States Explore Text App to Reach Low-Income Pregnant Women
October 2017

Text4baby is a service that sends free, personalized text messages to expecting mothers three times a week, including nutrition and safe sleep tips, doctor visit and appointment reminders, breastfeeding advice, health insurance information, and urgent health alerts. Last year, AMCHP and a representative from Oklahoma’s Text4baby, a program designated as an Emerging Practice in AMCHP’s Innovation Station, provided technical assistance (TA) to states to institute or expand the service, which is operated by Zero to Three and Wellpass (formerly Voxiva).

Here is how Hawaii and Louisiana used that TA to move forward on their efforts to reach low-income pregnant women.

Hawaii Finds New Partners to Connect with Hard-to-Reach Population

Lisa Kimura
Executive Director
Healthy Mothers, Healthy Babies Coalition of Hawaii

There are over 23,000 pregnancies in Hawaii per year, and of these, 45.3 percent are unintended/unplanned. Hawaii’s Pregnancy Risk Assessment Monitoring System (PRAMS) data indicate that women who are more likely to have an unintended pregnancy either had Medicaid insurance or were uninsured before pregnancy. To proactively reach low-income pregnant women enrolled in Medicaid, the Healthy Mothers Healthy Babies Coalition applied for an AMCHP technical assistance grant to replicate Oklahoma’s automatic notification process to opt-in for Text4baby for women enrolled in Medicaid with their managed care organizations (MCO).

A key to success was that Hawaii’s state Medicaid agency offered full support for the project, facilitating personal introductions for us with each of the MCO health plans. Its enthusiastic support kicked off the project in a positive way.

The next significant “win” was when we presented the project to over 100 maternal and child health stakeholders statewide. We invited a representative from Oklahoma’s SoonerCare program to the annual Hawaii Maternal and Infant Health Collaborative to explain the components and outcomes of that organization’s experience with Text4baby, generating significant enthusiasm from potential partners. We followed up with each MCO individually and held personal meetings to discuss the logistics and details in greater depth.

We encountered several challenges in our meetings with the MCOs, including difficulty in effectively fielding answers to questions regarding pricing, legal considerations, and the availability of the Lifeline service in Hawaii (which is a subsidized phone program for qualified low-income individuals). Despite these challenges, we were able to connect interested parties to Voxiva (the technology company operating Text4baby) for answers.

Two of our MCOS are actively pursuing the program. We will continue to follow up with them to ensure a seamless integration, as well as to serve as a facilitator to continue to engage other MCOs.

Thanks to this process, we were able to engage with every one of our MCOs while simultaneously increasing awareness of the Text4baby program in a new and effective way. Given both the challenges and successes, we would advise future TA recipients to receive thorough cost and legal information from Voxiva before embarking on meetings with MCOs, as well as research Lifeline service providers in their states.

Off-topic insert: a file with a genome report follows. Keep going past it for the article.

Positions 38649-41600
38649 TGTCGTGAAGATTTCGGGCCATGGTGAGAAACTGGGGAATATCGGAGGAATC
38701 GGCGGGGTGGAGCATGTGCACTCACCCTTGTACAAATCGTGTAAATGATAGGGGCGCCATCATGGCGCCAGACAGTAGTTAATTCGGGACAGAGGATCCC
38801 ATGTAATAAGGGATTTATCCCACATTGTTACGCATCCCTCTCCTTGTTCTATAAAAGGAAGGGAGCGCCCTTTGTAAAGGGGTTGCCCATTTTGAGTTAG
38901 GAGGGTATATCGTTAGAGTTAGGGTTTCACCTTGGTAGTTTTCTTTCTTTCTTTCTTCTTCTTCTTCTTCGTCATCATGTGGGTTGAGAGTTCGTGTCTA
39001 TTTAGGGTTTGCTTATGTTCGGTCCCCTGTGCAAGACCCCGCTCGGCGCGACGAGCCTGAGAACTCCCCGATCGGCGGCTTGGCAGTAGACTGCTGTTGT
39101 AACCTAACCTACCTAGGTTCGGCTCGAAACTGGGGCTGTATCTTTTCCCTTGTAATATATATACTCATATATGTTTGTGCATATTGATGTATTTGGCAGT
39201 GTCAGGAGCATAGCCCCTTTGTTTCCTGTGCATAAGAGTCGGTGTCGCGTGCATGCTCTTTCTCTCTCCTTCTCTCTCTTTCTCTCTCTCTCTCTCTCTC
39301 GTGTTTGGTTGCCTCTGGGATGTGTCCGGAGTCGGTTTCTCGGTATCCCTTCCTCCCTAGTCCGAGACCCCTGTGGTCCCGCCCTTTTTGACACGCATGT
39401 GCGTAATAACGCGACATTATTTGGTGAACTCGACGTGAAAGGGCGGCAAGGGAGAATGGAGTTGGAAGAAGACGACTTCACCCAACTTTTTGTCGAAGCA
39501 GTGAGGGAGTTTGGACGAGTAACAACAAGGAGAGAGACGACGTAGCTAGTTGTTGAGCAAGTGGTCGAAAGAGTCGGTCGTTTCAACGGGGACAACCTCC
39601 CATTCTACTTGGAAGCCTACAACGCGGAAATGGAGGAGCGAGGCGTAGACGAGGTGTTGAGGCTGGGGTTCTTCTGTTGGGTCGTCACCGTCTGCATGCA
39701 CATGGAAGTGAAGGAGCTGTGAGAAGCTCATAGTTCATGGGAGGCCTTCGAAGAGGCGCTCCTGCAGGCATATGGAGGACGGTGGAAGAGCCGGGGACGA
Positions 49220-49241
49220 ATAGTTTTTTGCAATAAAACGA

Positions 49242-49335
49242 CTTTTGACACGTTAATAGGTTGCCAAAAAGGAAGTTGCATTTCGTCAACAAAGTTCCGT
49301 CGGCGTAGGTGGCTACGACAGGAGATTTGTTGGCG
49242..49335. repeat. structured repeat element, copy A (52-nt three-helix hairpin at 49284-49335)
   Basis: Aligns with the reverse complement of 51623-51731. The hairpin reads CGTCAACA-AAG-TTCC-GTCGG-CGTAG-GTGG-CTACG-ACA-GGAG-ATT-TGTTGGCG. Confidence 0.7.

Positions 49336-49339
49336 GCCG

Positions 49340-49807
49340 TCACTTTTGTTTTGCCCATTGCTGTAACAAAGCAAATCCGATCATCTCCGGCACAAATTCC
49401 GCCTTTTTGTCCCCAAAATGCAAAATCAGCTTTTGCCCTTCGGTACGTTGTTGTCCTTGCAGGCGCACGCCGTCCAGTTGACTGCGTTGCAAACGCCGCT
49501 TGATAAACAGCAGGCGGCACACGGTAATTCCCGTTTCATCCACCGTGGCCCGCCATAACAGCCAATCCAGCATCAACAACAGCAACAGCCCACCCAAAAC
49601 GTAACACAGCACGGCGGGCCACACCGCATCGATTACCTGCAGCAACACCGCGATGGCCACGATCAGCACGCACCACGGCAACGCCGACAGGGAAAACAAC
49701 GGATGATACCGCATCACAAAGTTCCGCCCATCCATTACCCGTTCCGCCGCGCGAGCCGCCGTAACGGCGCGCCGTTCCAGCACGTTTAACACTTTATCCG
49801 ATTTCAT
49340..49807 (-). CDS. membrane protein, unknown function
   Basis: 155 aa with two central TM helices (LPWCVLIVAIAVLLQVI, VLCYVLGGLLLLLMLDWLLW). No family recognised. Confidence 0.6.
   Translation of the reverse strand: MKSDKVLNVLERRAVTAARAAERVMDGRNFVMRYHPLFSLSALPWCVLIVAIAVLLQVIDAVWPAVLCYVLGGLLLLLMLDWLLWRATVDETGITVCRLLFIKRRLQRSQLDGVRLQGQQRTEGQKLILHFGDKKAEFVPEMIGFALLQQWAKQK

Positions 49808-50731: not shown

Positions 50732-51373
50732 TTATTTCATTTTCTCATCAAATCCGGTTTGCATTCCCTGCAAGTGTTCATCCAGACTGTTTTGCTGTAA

To continue moving forward, Healthy Mothers Healthy Babies intends to maintain consistent follow-up with the MCOs that showed significant interest in adopting the program. We will continue to promote the Text4baby program via social media and marketing materials to help engage partners to continue recommending the service to their clients and patients.


The state Bureau of Family Health, in partnership with Louisiana Medicaid, applied to AMCHP’S Text4baby Innovation Station project to develop a sustainable process for increasing Text4baby enrollment among Louisiana’s Medicaid recipients. Louisiana, as one of four states involved in a Centers for Medicare and Medicaid (CMS) pilot project around Text4baby, has been promoting the service since 2013, and this technical assistance (TA) provided us an opportunity to greatly increase Text4baby’s reach across the state by implementing an auto-enrollment process.

The TA we received from AMCHP was extremely valuable in an unexpected way: We learned that the Text4baby service is changing in a several critical ways, and those changes led us to decide against pursuing auto-enrollment.

We discovered that after this summer, the Text4baby data portal, which shows enrollment numbers by Zip code, will be available only through the purchase of the health messaging service WellPass. This information is essential to evaluating Louisiana’s statewide and regional efforts to increase Text4baby enrollment.

We also learned that the state-specific messaging and broadcast messaging features that Louisiana grew accustomed to during the CMS pilot would also only be available through WellPass. These features not only helped us deliver enrollees the best resources but helped us gain stakeholder support for Text4baby. Understanding these changes helped us see that implementing auto-enrollment would not be the best use of Louisiana Medicaid or the Bureau of Family Health resources.

While we decided not to pursue auto-enrollment, we will work with our Medicaid managed care organizations to optimize their existing promotion of Text4baby through their own health messaging services. We are looking forward to using the information we learned during this project to more thoughtfully and effectively allocate resources related to Text4baby promotion, outreach, enrollment, and evaluation in Louisiana.